How do schools view and respond to student activism? And, in what ways does the New Zealand Curriculum support student activism?
Student activism: Learning through doing, written by Sophie Watson from NZCER, explores what student activism looks like in this country. The ideas presented are relevant to school leaders and teachers thinking about ways of fostering student activism and agency, and to educationalists considering how activism education can provide a critical context for student learning and development.
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About the Report
Youth attendance at the 2019–20 School Strikes for Climate marches, and other recent protest events for Ihumātao and Black Lives Matter, suggests that youth view activism as having individual and collective benefit. This paper uses recent literature and media reports to examine the relationship between activism and formal education, including the benefits and challenges associated with in-school activism. Recent examples of out-of-school youth activism are analysed, giving insight to youth activism participation and expression. Adult responses to youth activism, the framing of youth activism and the agency, and ideas about the educational potential of student activism are also discussed.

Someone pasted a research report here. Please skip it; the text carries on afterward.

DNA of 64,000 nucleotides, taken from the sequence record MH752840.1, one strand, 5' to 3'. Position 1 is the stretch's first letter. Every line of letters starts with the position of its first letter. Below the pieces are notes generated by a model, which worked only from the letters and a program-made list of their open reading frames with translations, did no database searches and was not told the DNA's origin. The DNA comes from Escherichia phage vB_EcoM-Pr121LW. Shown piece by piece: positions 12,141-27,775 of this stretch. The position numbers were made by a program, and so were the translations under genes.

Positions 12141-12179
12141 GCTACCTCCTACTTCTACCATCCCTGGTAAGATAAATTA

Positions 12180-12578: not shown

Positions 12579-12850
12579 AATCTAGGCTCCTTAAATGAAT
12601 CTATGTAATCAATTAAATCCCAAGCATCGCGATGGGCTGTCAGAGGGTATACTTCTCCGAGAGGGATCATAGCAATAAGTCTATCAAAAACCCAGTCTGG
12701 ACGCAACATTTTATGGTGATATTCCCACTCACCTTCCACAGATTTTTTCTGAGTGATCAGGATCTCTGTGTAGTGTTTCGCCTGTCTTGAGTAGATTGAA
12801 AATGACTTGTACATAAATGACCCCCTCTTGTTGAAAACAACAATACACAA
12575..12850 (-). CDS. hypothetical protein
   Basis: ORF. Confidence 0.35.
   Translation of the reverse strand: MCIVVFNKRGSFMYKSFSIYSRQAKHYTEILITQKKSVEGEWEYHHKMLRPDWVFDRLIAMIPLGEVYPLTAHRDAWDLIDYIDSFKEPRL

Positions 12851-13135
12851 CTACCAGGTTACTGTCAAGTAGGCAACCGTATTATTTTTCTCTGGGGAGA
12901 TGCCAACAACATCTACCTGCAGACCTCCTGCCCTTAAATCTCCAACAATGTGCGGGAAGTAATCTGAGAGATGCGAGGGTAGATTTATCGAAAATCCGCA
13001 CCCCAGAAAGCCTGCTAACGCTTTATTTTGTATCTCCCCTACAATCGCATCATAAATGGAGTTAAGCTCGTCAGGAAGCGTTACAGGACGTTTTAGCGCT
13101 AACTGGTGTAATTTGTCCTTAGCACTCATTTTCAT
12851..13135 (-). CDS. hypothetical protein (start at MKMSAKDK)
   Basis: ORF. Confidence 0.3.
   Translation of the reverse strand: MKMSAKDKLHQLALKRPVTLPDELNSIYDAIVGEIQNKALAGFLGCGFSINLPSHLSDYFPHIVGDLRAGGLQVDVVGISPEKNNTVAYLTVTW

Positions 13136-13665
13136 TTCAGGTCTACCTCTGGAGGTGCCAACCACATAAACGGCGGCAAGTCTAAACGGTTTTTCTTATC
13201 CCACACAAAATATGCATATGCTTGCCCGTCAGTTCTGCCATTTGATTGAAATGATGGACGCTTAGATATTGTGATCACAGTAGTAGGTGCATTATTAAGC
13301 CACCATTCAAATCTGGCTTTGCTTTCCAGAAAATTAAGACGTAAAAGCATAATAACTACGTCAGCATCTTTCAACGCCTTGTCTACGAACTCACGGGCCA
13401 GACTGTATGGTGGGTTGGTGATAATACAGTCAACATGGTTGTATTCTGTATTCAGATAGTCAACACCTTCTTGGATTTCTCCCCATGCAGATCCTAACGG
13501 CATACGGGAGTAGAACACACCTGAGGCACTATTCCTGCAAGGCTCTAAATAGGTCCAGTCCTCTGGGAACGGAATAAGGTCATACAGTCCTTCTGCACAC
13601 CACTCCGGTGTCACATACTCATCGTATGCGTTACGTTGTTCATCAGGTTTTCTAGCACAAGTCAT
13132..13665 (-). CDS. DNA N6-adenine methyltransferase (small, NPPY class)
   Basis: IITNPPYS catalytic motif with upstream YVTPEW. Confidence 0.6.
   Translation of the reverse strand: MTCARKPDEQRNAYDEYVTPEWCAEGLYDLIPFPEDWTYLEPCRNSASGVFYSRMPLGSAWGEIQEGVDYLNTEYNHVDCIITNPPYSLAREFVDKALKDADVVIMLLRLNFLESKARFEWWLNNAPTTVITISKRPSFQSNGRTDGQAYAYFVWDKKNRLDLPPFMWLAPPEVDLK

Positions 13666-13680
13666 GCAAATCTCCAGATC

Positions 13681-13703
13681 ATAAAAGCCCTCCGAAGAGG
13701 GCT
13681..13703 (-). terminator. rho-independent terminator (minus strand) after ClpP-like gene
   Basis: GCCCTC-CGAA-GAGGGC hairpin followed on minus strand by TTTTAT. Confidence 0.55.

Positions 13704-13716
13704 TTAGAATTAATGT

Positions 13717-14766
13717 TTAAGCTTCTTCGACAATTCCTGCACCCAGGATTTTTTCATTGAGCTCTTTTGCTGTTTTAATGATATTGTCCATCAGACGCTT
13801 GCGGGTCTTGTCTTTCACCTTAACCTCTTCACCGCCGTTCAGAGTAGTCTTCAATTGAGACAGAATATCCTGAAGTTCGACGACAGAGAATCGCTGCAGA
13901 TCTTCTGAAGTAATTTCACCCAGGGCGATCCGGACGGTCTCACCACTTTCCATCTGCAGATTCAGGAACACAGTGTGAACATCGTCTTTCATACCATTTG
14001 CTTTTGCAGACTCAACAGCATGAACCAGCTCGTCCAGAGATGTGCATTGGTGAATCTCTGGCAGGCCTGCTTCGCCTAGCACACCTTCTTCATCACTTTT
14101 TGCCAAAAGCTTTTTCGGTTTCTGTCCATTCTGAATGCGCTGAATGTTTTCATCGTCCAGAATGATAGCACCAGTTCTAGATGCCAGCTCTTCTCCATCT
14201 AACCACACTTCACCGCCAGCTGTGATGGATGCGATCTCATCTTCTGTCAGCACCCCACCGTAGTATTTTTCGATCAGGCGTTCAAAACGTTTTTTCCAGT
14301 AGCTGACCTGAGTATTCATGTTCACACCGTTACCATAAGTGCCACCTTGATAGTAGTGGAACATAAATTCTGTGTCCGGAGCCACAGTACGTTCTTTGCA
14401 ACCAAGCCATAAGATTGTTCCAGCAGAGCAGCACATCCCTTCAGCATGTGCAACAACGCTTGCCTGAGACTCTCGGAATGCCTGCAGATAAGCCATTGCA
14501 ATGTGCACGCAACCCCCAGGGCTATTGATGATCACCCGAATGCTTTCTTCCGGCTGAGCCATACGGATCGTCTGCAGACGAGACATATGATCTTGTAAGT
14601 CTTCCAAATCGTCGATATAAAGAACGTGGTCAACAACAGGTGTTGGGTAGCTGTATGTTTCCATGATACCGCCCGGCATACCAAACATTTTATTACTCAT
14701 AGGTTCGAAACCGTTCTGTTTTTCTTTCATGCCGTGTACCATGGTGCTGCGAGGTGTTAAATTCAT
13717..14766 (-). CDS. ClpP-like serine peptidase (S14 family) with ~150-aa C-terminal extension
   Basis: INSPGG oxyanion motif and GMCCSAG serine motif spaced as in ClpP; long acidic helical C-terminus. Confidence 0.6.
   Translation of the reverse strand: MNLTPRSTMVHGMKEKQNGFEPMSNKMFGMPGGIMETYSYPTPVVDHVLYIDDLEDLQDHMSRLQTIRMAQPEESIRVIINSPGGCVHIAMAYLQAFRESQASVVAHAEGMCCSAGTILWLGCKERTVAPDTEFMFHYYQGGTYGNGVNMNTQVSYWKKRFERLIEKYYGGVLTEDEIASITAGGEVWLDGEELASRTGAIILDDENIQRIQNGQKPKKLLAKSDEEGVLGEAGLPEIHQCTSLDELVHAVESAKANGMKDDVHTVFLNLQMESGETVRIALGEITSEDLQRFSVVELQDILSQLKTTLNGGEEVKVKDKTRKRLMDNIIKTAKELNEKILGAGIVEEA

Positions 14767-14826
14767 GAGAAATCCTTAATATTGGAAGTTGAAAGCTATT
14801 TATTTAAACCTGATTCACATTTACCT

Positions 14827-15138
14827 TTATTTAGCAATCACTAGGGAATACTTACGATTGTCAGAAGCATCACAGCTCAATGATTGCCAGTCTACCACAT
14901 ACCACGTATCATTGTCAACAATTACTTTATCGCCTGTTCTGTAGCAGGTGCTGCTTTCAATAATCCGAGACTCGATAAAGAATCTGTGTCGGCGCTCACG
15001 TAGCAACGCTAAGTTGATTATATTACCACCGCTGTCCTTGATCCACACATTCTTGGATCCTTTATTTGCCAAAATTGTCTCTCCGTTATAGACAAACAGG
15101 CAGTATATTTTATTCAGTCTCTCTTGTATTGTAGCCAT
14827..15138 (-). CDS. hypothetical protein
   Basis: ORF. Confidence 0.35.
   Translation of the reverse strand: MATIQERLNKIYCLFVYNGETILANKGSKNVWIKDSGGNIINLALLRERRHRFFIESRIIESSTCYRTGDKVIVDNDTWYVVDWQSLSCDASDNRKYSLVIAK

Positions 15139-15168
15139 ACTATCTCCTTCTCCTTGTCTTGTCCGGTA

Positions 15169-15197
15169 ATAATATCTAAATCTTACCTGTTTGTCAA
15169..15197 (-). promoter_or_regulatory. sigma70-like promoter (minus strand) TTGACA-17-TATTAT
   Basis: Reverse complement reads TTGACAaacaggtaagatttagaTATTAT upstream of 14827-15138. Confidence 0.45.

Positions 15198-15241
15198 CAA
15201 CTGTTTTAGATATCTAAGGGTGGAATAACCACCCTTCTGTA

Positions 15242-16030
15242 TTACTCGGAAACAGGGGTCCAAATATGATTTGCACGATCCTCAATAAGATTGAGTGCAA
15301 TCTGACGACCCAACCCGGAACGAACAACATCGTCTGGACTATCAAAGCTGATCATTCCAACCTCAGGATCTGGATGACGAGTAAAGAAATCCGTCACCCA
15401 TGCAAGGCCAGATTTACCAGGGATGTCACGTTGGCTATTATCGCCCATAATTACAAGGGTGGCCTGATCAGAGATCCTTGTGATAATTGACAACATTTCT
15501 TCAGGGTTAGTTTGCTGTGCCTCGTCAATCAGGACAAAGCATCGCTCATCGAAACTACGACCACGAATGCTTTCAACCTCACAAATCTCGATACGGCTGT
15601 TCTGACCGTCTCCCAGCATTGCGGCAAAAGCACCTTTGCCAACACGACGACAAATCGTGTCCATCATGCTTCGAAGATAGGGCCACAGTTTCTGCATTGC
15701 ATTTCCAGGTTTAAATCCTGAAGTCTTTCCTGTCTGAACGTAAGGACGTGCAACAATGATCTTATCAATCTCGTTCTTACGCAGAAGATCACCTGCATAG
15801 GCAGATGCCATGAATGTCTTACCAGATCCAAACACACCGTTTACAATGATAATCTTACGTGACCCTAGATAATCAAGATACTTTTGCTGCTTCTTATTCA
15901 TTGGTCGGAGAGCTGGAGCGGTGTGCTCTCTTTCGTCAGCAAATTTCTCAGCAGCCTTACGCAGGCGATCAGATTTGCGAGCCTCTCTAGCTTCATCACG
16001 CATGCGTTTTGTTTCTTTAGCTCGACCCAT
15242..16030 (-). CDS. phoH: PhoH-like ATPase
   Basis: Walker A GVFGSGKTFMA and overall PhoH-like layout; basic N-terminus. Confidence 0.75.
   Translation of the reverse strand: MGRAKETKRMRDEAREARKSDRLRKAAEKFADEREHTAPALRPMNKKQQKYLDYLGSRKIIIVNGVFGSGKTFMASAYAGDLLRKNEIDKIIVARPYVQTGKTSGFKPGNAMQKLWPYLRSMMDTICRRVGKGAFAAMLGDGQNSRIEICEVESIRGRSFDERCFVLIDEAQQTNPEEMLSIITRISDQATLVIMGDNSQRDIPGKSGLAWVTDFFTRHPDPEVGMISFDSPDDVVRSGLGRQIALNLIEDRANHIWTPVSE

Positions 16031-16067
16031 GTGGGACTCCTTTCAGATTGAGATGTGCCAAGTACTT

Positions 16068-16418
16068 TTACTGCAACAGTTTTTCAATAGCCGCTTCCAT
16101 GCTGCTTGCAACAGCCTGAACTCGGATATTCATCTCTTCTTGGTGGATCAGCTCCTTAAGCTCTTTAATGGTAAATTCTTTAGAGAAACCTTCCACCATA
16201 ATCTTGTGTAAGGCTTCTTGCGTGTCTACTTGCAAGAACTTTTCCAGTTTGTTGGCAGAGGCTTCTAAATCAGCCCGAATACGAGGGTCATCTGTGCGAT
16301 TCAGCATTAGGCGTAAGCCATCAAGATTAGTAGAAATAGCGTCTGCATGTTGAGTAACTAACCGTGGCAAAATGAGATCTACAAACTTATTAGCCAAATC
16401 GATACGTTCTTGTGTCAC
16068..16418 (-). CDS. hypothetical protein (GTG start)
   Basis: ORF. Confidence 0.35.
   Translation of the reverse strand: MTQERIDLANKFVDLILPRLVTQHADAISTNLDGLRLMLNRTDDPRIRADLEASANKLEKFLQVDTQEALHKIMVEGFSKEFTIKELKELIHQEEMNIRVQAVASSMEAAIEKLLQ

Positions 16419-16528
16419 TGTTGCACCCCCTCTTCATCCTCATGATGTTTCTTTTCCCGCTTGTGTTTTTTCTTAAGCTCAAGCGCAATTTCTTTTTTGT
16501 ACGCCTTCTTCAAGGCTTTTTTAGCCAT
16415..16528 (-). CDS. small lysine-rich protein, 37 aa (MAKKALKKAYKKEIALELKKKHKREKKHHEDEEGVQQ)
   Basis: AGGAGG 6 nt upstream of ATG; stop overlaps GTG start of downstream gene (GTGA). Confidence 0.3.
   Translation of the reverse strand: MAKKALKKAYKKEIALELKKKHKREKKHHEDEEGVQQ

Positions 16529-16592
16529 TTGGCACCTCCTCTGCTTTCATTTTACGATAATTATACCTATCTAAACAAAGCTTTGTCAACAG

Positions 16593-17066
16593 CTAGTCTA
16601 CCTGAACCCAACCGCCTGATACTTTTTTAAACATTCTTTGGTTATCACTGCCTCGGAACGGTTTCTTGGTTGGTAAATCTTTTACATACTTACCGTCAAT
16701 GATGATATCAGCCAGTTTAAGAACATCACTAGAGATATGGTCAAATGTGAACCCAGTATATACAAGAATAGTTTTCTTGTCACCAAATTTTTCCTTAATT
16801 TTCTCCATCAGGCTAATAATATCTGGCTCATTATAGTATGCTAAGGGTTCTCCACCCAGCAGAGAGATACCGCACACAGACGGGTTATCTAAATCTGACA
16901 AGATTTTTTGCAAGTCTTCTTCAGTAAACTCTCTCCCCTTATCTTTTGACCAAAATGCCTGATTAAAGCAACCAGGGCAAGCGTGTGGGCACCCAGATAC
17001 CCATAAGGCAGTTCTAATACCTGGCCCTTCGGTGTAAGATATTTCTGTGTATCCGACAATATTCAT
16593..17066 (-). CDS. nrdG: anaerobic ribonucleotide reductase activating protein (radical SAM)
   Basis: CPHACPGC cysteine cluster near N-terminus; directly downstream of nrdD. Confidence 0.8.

This paper suggests that schools and teachers are ideally placed to develop students’ skills and competency to support their activism ambitions. However, the role of activism and activism education in schools is complex. In part, this complexity is fuelled by a mismatch between the perceptions and the realities of youth and student activism.
The Student Activism project is part of NZCER’s Te Pae Tawhiti Government Grant programme of research.